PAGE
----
Exclusive breastfeeding hampered by infant illnesses, follow up of mothers with HIV shows

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Only one third of women counselled to exclusively breast feed for six months in the Kesho Bora study were able to sustain the practice for at least three months, indicating the challenges of implementing infant feeding advice for prevention of mother-to-child HIV transmission, researchers report in the advance online edition of the Journal of Acquired Immune Deficiency Syndromes.

Infant illness in particular was strongly associated with the ending of exclusive breastfeeding (EBF). Boys and infants with neonatal illness (fever, diarrhoea or vomiting during the first month of life) had lower odds of EBF by three months of age [adjusted odds ratio (aOR) 0.48, 95% CI: 0.32-0.73, p<0.001 and aOR 0.54, 95% CI: 0.31-0.93, p<0.05, respectively], Kirsten Bork and colleagues report in this assessment of breastfeeding modes and determining factors.

This illustrates “the challenge of breastfeeding exclusively for six months [in line with World Health Organization (WHO) recommendations] in sub-Saharan Africa despite strong incentives and careful, repeated counselling to an extent which is hardly feasible in routine health care”, the authors write.


adjusted odds ratio (AOR)

Comparing one group with another, expresses differences in the odds of something happening. An odds ratio above 1 means something is more likely to happen in the group of interest; an odds ratio below 1 means it is less likely to happen. Similar to ‘relative risk’. 

mother-to-child transmission (MTCT)

Transmission of HIV from a mother to her unborn child in the womb or during birth, or to infants via breast milk. Also known as vertical transmission.

caesarean section

Method of birth where the child is delivered through a cut made in the womb.

randomised controlled trial (RCT)

The most reliable type of clinical trial. In a trial comparing drug A with drug B, patients are split into two groups, with one group receiving drug A and the other drug B. After a number of weeks or months, the outcomes of each group are compared.

prospective study

A type of longitudinal study in which people join the study and information is then collected on them for several weeks, months or years.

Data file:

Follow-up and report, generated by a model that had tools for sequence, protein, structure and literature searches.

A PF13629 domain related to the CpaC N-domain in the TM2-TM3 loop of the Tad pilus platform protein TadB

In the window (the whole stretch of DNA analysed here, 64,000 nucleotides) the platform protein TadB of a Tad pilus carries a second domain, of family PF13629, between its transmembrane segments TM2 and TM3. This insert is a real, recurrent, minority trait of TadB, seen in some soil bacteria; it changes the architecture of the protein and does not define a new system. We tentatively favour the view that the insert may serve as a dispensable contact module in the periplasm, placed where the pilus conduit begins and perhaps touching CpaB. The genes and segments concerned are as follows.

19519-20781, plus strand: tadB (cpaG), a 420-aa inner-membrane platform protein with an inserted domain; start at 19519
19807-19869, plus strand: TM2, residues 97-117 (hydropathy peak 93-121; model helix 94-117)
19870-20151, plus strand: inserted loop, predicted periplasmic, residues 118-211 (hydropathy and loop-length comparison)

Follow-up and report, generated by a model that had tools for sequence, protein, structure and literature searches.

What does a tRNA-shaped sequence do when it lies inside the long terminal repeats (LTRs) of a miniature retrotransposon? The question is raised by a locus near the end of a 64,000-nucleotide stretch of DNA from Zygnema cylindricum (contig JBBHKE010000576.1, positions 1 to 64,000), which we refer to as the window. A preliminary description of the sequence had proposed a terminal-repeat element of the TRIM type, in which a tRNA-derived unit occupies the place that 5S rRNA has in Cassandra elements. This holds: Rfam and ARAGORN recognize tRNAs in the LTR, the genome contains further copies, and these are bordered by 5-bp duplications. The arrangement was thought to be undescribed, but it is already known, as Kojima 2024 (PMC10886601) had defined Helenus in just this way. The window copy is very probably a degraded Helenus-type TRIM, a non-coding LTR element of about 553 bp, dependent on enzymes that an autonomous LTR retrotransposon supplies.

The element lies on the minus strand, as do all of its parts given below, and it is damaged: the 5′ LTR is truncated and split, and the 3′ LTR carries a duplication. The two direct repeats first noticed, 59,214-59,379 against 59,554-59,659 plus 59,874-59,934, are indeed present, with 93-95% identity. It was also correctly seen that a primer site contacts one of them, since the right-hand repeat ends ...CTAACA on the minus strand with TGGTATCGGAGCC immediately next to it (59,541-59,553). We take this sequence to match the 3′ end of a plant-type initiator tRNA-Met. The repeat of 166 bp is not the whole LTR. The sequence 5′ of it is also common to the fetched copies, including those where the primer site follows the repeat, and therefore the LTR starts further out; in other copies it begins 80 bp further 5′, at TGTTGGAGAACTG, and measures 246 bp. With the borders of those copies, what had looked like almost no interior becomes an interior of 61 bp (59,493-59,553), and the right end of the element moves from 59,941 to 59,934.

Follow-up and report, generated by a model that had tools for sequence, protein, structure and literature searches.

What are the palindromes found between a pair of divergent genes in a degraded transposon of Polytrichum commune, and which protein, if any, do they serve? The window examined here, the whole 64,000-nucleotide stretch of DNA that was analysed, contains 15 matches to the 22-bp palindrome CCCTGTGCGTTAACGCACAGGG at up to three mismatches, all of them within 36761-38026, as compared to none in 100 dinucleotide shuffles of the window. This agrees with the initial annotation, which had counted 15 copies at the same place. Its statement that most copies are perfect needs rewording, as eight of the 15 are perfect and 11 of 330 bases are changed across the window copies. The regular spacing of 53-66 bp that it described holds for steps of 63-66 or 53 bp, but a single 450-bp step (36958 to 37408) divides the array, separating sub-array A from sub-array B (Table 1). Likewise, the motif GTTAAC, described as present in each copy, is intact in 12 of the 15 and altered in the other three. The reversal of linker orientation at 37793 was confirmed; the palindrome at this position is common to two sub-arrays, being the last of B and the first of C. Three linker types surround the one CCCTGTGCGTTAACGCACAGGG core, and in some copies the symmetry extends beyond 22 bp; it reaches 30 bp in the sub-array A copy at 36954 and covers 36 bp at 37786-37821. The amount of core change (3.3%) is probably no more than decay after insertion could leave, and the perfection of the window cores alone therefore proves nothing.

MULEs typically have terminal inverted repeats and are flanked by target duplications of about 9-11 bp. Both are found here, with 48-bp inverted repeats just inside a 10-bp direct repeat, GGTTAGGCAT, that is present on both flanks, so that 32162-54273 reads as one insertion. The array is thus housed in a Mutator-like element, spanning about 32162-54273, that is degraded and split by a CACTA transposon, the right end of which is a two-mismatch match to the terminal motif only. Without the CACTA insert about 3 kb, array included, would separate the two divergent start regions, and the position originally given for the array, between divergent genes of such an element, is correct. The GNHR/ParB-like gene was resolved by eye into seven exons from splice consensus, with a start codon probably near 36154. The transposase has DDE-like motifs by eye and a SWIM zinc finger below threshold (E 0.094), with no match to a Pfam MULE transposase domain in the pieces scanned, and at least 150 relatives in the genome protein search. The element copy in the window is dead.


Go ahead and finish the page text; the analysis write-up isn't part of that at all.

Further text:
The best feeding options for HIV-positive mothers in resource-poor settings have been debated for decades. The risk of HIV transmission through breastfeeding must be weighed against the risk of infant malnutrition, severe disease and death from not breastfeeding. In sub-Saharan Africa this is often not an option. Breastfeeding is the norm; avoidance is difficult. A strong cultural belief in the importance of breastfeeding, widespread poverty, low levels of health care and high rates of infant and child death are the primary reasons.

The Kesho Bora study comprised a randomised controlled trial (RCT) and two prospective cohorts. The RCT was designed to look at the efficacy and safety of a three-drug antiretroviral regimen compared to zidovudine plus single-dose nevirapine for prevention of mother-to-child transmission (PMTCT) during pregnancy, delivery and breastfeeding for women with CD4 counts between 200 and 500 cells/mm3. The two prospective cohorts included women with CD4 counts under 200 and over 500, respectively.

The study was undertaken in Bobo-Dioulasso, Burkina Faso, West Africa; Nairobi and Mombasa, Kenya, East Africa; and Durban and a rural and semi-urban area of KwaZulu Natal (Somkhele), South Africa.

Determinants for starting breastfeeding and for continuing three months after having given birth included socioeconomic variables, CD4 count, trial arm, birth weight and mode of delivery.